From my journal, Lent 2005:
Kneeling before candle and cross, I ask the Eternal – “What do you have for me today?” I have a vision of Jesus standing in front of me, looking earnestly at me. His knees are slightly bent, and he reaches out and takes my hands in his as though he is going to teach me to roller-skate. His hands hold me securely, keeping me safe from falls.
“Can you stay with me now?” he asks earnestly. There is no condemnation in that question, only concern and love. It is a check to see how I’m doing.
“I think so,” I respond.
My late husband is suddenly standing beside me, watching. “Hold your feet still,” he admonishes, just as he coached children standing in the batter’s box. “Don’t step away. Hold your feet still.”
The next week, I kneel before cross and candle. “What do you have for me tonight?”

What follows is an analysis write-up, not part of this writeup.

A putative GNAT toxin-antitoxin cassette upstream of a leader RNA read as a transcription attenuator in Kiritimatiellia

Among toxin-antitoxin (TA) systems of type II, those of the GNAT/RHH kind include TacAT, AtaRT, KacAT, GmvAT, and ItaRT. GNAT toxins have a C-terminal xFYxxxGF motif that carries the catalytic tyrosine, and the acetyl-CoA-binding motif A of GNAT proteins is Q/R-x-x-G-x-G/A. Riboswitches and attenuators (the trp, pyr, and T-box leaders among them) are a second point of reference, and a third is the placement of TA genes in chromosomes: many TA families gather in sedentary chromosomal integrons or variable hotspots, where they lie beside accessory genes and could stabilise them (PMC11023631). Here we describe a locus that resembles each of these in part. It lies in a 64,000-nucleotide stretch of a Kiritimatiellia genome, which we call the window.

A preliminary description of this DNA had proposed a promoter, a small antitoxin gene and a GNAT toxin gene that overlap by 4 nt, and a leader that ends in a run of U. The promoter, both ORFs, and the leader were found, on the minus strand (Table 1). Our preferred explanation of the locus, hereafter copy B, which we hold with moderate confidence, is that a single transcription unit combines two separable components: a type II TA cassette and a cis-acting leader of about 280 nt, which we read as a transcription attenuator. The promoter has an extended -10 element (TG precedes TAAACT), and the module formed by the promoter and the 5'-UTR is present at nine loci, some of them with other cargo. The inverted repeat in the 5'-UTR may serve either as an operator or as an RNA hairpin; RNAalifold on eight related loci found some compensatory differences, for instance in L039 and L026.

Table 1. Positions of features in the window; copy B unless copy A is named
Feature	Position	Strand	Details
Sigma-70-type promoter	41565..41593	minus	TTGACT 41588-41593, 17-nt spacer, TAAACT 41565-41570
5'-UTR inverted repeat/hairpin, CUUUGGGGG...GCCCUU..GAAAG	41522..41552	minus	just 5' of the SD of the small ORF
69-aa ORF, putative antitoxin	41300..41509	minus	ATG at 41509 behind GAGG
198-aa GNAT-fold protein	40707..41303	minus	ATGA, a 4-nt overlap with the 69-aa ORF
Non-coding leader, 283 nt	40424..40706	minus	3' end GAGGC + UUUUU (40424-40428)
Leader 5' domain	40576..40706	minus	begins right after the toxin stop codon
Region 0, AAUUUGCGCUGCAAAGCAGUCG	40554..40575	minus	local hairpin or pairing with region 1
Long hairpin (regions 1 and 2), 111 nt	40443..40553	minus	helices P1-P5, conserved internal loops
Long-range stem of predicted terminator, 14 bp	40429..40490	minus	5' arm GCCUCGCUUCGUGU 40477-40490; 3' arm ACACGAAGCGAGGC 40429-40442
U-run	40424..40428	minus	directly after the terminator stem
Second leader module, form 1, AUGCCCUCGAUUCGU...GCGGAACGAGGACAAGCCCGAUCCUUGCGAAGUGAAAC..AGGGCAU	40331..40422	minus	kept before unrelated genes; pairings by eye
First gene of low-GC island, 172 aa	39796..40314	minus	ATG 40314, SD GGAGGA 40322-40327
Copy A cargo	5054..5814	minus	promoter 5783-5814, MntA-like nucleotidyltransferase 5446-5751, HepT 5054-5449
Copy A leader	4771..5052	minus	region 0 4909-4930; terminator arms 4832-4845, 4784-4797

The vision of Christ holding my hands returns. “Are you ready? Can you stay with me now?” At my nod, he suddenly grabs my upper arms and draws me to him in a strong, urgent embrace, the embrace of an impatient and eager lover.
I am held tightly against him, and then suddenly I am falling, falling through him, passing through his heart, covered with blood as I go. I am not pleased with the sensation. I don’t like getting dirty – it’s probably why I don’t like painting.
“It’s OK,” I tell myself. “It’s just blood.”
Then I’m through him and on the other side (though I don’t know what that means) and I can feel the blood interacting with the cells of my body, sort of a foaming, stinging sensation. I look down. My body is transformed – I’m brighter somehow, and I feel…solid, even though I think I might be glowing. It’s still me, but I realize it’s an imperishable me. “So that’s how it works!” I think. I look around, squinting into blinding whiteness. “But where am I?”
Suddenly, I’m back in the chapel by candle and cross. I’m dizzy and overwhelmed.
And I’m left with the distinct impression that I have been given a vision of life, not death – a vision of something that is available to me and to us all, right now, if we can only find the path.